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Middle Matters

The middle school years are important – and there’s tools to help

There are a number of ways to tell just how important middle school years are, but one might be the repeated portrayal of it in a host of television shows and movies –  from Leave it to Beaver  and Diary of a Wimpy Kid to the recent movie PEN15.

You also might get a clear idea about the importance of early adolescence by asking a handful of people when they first really succeeded or struggled in school – and when they remember first developing their social and emotional patterns.

And, finally, you might look at the extensive research about how important – and different – the middle school student’s brain and emotional underpinnings are – and how important their education is.

“The middle grades were the last best chance that we have to get youngsters on the right path toward academic and career success,” writes Sandy Kress, a top Bush administration education official who was a key player in the development of the platform Middle Schools Matters. “It’s not necessarily early enough, but later is too late.”

Today, the significance of this period for learning – and learning good habits – is perhaps only surpassed by that of early childhood development, and its seen as critical for everything from developing personality traits, grit, curiosity and study habits to making decisions about a future after high school.

“It is such a critical time for learning,” says Molly Mee, head of the Middle School Education Department at Towson University in Maryland who has written about the various needs of middle school students. “What a student does in these three years can change so much in their future.”

There is plenty of research about how the brain develops but Jay Giedd, director of child and adolescent psychiatry at the University of California, San Diego, and a leading expert in the teen brain, says parents and educators need to direct even more attention to middle school years.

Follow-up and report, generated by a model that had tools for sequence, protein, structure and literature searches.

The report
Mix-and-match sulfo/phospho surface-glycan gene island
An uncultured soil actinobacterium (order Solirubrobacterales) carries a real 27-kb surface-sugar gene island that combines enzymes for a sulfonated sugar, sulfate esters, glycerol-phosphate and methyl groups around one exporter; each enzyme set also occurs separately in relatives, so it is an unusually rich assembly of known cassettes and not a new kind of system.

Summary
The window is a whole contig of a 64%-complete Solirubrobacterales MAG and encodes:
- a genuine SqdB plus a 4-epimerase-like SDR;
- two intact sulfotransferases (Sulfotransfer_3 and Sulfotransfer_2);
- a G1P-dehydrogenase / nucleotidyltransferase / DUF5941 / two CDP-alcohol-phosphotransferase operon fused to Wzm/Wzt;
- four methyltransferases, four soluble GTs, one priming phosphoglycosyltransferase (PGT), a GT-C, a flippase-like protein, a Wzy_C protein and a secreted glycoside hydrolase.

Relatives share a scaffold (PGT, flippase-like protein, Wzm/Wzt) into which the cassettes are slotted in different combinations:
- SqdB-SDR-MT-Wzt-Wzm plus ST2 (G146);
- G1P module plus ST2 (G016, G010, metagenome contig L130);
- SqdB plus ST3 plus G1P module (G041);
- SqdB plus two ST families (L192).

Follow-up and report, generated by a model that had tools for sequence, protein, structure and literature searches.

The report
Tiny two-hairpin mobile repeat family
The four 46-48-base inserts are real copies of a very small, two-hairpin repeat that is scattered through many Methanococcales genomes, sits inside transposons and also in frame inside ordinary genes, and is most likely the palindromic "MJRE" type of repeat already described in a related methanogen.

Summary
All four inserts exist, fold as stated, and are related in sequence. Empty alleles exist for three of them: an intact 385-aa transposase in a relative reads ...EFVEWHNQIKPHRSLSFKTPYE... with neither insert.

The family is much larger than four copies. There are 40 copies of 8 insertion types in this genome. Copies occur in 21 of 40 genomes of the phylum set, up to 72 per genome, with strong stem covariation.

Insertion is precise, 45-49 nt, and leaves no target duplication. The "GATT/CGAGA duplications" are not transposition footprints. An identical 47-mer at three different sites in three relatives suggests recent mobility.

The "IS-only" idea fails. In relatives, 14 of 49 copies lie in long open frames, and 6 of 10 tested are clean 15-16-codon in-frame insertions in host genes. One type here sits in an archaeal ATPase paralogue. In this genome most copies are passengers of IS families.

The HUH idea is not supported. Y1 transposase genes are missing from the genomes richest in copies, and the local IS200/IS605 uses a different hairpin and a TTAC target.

The brain specializes during these years, he says. “The range of abilities the brain can learn is remarkable. It is a time of amazing opportunity for learning new skills and for our behavioral health interventions to have maximal impact.”

He notes that the middle school student’s brain is growing bigger, faster and more complex daily, but can't quite control itself. While it is growing and changing, and also quickly pruning and structuring brain cells to develop pathways in the brain that become patterns, some of the regulatory function develop more slowly – a circumstance visible in any middle school cafeteria.

It is a critical time for emotional development, as a study published last summer reported in detail.

So, school in this period, and the habits that adolescents develop academically and socially are critical. Parent play the most important role, but education is key.

Research on the significance of middle grades has been developed for decades but bumped up in the 1960’s, according to a recent study, when the middle school movement began. Since that time, organizations such as the Association of Middle Level Education (AMLE) and Middle School Matters have developed more research about its importance, while focusing on teaching practices and curriculum for this age group, where, as one middle counselor put it, you find “adult and childlike thinking and behavior within the same five minutes” and where very different educational approaches are needed

AMLE has four decades of research through its Research in Middle Level Education Online and a host of other material, including some such as its journal and magazine that require membership. It offers plenty of tips on curriculum

Middle School Matters has developed a comprehensive set of practices in its field guide that can provide a basis for schools and teachers to develop the structure to deliver appropriate content

“MSM’s two objectives are first to compile the proven principles, practices, and strategies that can improve student success and second to help educators actually learn, adopt, and master these strategies,” it notes.

The guide offers research-based instruction and interventions for reading, writing and math – and carefully conceived cognitive and advanced reasoning principals (which are critical to develop at this age) and a variety of other resources.  It also covers student supports and ways to assess a school’s efforts.

It also offers these principles for educators to help students develop their critical thinking skills, which are important at this age:

  • Ground ideas in active, engaging experiences.
  • Provide timely, qualitative feedback on students’ learning activities.
  • Encourage the learner to generate content.
  • Select challenging tasks that require explanations, reasoning, and problem solving.
  • Design curricula, tasks, and tests in different contexts, media, and practical applications.
  • Promote self-regulated learning.
  • Allow students to practice presentation and improve test taking

Written by Jim Paterson, Education World Contributing Writer

Jim Paterson is a writer, contributing to a variety of national publications, most recently specializing in education. During a break from writing for a period, he was the head of a school counseling department. (

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